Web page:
Yesterday I sat down and designed, developed, and wrote content for this new site. If you work on the web, or if you’ve hired a web designer before, you know this is crazy talk. But it happened.
All things considered, I spent about ten hours on it, broken up by a trip to the gym, lunch, and dinner. This is a very simple site, too, which definitely played a big part in the quick turnaround.
I don’t like admitting that I set a New Year’s resolution, because I’m painfully aware of how many January 1 promises I’ve made and immediately broken. However, this site has been on my back burner for months now, and between the time off for the holiday, my back-logged desire to work on it, and the general “let’s do everything” energy that accompanies a perceived fresh start, I finally built up enough momentum to start.
Taking a web project from concept to launch in one day is very, very rare, so I kind of surprised myself by pulling it off.
I loaded the new files up on the server and flipped the switch with a kind of fuck-yeah-I’m-unstoppable feeling.
It got me thinking about how I’ve historically handled momentum, and how it usually starts an upswing in productivity, followed by frustration when I can’t keep up the heroic pace I’ve set for myself.
Most of the reason I was able to finish this site in such a short time frame is that I shut off all distractions: no email, no phone calls, no chat; just headphones, coffee, and good ol’ blood-and-sawdust resolve.
This isn’t my usual state of affairs. In fact, I only pulled it off because it was a holiday and I should have been taking time off in the first place.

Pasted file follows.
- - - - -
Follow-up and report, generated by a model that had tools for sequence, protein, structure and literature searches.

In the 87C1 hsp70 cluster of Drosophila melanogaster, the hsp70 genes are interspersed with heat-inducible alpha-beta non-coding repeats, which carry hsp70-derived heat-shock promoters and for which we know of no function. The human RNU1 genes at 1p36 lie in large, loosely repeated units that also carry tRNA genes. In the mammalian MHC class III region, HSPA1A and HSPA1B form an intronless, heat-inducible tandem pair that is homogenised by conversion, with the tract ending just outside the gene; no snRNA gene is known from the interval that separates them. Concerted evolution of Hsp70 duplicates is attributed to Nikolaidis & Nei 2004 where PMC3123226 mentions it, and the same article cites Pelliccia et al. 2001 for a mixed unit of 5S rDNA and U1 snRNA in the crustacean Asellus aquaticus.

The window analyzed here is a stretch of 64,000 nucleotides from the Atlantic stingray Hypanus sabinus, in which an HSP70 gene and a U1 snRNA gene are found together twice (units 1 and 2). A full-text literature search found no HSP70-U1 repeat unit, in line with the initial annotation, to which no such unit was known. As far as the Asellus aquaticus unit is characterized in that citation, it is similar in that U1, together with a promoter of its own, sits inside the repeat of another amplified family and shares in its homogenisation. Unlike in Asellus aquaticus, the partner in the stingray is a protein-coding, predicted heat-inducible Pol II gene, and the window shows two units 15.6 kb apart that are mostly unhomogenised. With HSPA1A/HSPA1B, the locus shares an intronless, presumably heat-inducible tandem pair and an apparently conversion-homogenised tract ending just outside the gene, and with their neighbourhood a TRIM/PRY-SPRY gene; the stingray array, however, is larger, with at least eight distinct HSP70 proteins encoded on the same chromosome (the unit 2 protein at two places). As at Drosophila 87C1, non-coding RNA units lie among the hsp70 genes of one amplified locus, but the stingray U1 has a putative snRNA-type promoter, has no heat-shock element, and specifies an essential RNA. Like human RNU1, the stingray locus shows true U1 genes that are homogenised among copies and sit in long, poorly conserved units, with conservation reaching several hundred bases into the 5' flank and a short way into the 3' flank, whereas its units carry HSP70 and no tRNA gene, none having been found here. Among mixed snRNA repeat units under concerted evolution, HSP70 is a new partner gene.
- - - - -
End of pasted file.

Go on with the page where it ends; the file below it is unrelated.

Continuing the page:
On a normal day, tuning out distractions would mean grumpy clients, stalled contractors, lost leads, and an ever-growing todo list — all of which add up to outweigh the benefits of how much work gets done.
Finding a Balance
Routine is hard for me. I instinctively buck authority, even if the rules are self-imposed.
My default mode is very freeform; I drive Ali nuts by constantly improvising and telling her, “Relax. Life is jazz.”
However, seeing how much I was able to accomplish with all the distractions turned off, I wonder how effective I could be if I allocated one or two days a week as “no distractions” days, during which I would cut off communications and just get a big chunk of work done.
I’ve toyed with the idea before, but I’ve never fully implemented it.
Next Tuesday, I’m going to have a distraction-free day. It’s going on my calendar. My team will be notified. An autoresponder will be set on my email.
If the experiment works, I should be able to focus on and — hopefully — complete one or two large tasks.
It should also have the added benefit of making me feel less guilty if I spend the days before and after buried in email or on the phone, which is a common source of stress for me.
Have you tried this split style of working before? Any tips to help me get it right the first time? Let me know in the Facebook discussion.
UPDATE: The experiment went well, and I’ve posted the results for review. Short version: this is something I’m going to try and integrate into my workflow once a week or so.
What to do next.
As adults, we’re supposed to build careers, build relationships, build futures, build happiness… It’s all pretty overwhelming. It’s easy to feel stuck — like we’re on autopilot, punching a clock, and buried in tasks we don’t really care about.
Wouldn’t it be nice to get some balance back? To have extra time every day to dedicate to the things that actually matter to you?
I want to help: I’ve compiled 5 Habits of the Unfuckwithably Productive, and I want to give it to you for free. These are time-tested habits that helped me break the cycle of overwork and exhaustion; this is how I spend less than 40 hours a week on the computer — while making a living and traveling the world.